Mexico: Viewing Mexican Streets with Google

On November 9th, Mexicans welcomed the afternoon filled with images: Google Street View, the service that takes high-quality photographs at the street level for major cities of the world, was released for Mexico City, Guadalajara, Monterrey, and other 5 Mexican cities. At the same time, some of those cities were updated with important informational layers, such as public transport routes, as well as locations for hospitals, movie theatres, and museums.

Early this year several users recognized Google’s car, equipped with camera that takes 360° horizontal and 290° vertical panoramic photos. Mexico is the first Latin American country to have its streets digitally mapped, which nowadays includes many cities of United States and Canada, as well as countries from Europe, Asia, and Oceania.

Street View in Google Maps México

Street View in Google Maps México

Mexicans showed mostly positive reactions to the service, although some expressed natural concerns for their privacy. User hekma expressed on Twitter [es]:

Mi jefe vio Google street View en Mexico y comenzo a tener panico… demasiado diria yo…

My boss saw Google street View on Mexico and started to panic… too much I would say…

Another common first reaction to the service is to look for someone's house or office. Twitter user Rafaesp [es] did this and found his mother in front of his house:

Orales, en la foto de mi casa de Google Street View Mexico, sale mi madre recibiendo una notificacion para mi del IEDF… .

Wow, the picture of my house in Google Street View Mexico shows my mother receiving a notification for me from the Electoral Institute of the Federal District… .

Twitter user avomx considers [es] that the images of Street View unintentionally make a social commentary:

Muy buena herramienta, pero como que se ven feitas las paredes grafiteadas y las calles llenas de baches ¬_¬

Very good tool, but streets seem ugly with the graffiti on walls and filled with potholes ¬_¬

User mexico_df also perceived a contrast [es] of the living conditions of the Mexicans:

Con google maps Mexico view street puedes ver algunos contrastes de nuestra ciudad casas de cartón y residencias inimaginables. Interesante

With google maps Mexico view street you can see some contrasts in our city cardboard dwellings (sic) and unthinkable residences. Interesting

Few days after its release, users were already developing useful projects with one of the most frequent uses of Google Street View: virtual tours. The blogger that is known as Juan Crouset provides historical details of the city of Monterrey in his posts [es], and has taken Street View to guide his readers [es] through old constructions. This makes an interesting contrast with his regular contributions that usually are supported with historical documents and photographs. A sample of his work:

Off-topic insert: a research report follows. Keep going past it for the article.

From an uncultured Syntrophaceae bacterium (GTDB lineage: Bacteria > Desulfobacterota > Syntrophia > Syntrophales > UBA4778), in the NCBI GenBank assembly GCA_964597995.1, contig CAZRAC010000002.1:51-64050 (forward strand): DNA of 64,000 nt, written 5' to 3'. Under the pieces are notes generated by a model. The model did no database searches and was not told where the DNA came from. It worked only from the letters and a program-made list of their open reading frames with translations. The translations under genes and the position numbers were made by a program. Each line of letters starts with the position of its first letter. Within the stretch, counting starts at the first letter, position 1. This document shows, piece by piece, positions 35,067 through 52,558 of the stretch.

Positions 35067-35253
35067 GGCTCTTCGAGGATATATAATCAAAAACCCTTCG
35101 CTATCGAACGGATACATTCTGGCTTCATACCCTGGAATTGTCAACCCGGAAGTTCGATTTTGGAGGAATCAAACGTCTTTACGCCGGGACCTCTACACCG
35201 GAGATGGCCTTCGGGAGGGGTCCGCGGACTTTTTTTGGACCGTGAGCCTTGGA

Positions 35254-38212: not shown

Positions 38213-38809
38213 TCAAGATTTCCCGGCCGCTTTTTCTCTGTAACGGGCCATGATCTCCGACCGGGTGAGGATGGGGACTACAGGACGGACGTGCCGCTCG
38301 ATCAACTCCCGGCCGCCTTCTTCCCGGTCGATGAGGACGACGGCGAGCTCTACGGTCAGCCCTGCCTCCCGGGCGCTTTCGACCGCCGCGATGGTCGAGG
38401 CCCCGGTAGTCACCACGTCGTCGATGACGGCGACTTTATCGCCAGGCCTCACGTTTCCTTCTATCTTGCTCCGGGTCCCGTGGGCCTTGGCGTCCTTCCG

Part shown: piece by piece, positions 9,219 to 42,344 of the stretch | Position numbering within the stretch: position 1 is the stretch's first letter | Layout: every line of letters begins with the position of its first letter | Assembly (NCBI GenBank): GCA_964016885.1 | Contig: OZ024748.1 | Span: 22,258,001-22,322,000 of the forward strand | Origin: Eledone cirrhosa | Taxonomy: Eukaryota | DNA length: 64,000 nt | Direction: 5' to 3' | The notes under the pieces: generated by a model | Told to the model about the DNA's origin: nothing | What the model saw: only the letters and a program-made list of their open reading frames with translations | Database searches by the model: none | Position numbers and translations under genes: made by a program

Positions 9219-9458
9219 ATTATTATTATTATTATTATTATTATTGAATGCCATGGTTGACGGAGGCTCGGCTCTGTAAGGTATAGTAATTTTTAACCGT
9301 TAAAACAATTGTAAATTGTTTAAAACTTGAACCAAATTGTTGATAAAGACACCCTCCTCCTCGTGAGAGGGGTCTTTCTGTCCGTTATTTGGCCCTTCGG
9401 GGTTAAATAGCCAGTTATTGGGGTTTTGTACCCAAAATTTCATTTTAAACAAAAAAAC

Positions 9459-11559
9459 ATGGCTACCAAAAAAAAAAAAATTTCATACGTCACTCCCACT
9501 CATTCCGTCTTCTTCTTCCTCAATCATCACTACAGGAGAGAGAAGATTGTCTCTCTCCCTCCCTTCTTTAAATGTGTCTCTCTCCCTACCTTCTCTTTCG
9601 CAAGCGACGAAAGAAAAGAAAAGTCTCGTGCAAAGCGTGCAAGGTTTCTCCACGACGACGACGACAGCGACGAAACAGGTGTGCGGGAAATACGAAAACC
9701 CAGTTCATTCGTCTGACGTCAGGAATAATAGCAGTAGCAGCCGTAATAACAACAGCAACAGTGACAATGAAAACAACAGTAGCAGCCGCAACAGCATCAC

Ver mapa más grande

Juan Alvarez con Guadalupe Victoria, colonia Industrial. Muy cerca de la central de autobuses. Casa de influencia americana, probablemente construida para trabajadores de alguna empresa cercana. Muchas construcciones que se cubrieron originalmente con techos de lámina, se encuentran en muy buenas condiciones gracias a la excelente capacidad de los techos de metal para evitar la filtración de humedad, ésto a pesar de encontrarse abandonadas algunas de ellas.

[Street] Juan Alvarez with Guadalupe Victoria, Industrial neighborhood. Very close to the bus station. A house with American influences, probably constructed for workers of some nearby business. Much of the constructions that were originally covered with aluminum ceilings are in very good conditions due to the properties of metal ceilings to avoid humidity filtering, albeit the abandonment of some of them.

Several newspapers have already made coverage of the service, including collections of images that show urban decay in Mexico City [es].


  • […] stad op Google Street View. Uiteraard levert dat min of meer dezelfde reacties op als elders: hoe zit het met de privacy? Staat mijn moeder er op? Meer nog dan op veel andere plekken is in de Mexicaanse miljoenenstad duidelijk het verschil tussen […]

  • jaime

    i was surprised to see that the last photo from the “urban decay in mexico city” article you mention is a spot which is 2 blocks away from where i live.

    that corner is “famous” here in the neighborhood for being a gathering place for “chemos” (those who sniff resistol 5000 glue to get high), and it was possible to see it in street view. but right now i have searched for it again and it’s banned! “this image is not longer available”

    who you think has asked for this image to be removed? mexico city government, google maps, or the owners of an luxury apartments building which is in construction in front of this corner?

    • Probably all together. It is funny how the purpose of Google Maps is show around the city through the eyes of a pedestrian, but without the raw details.

      It’s a difficult task since 1) they have to take the pictures with daylight; 2) like their cities, streets never sleep.

      As far as I know, those details are the city.

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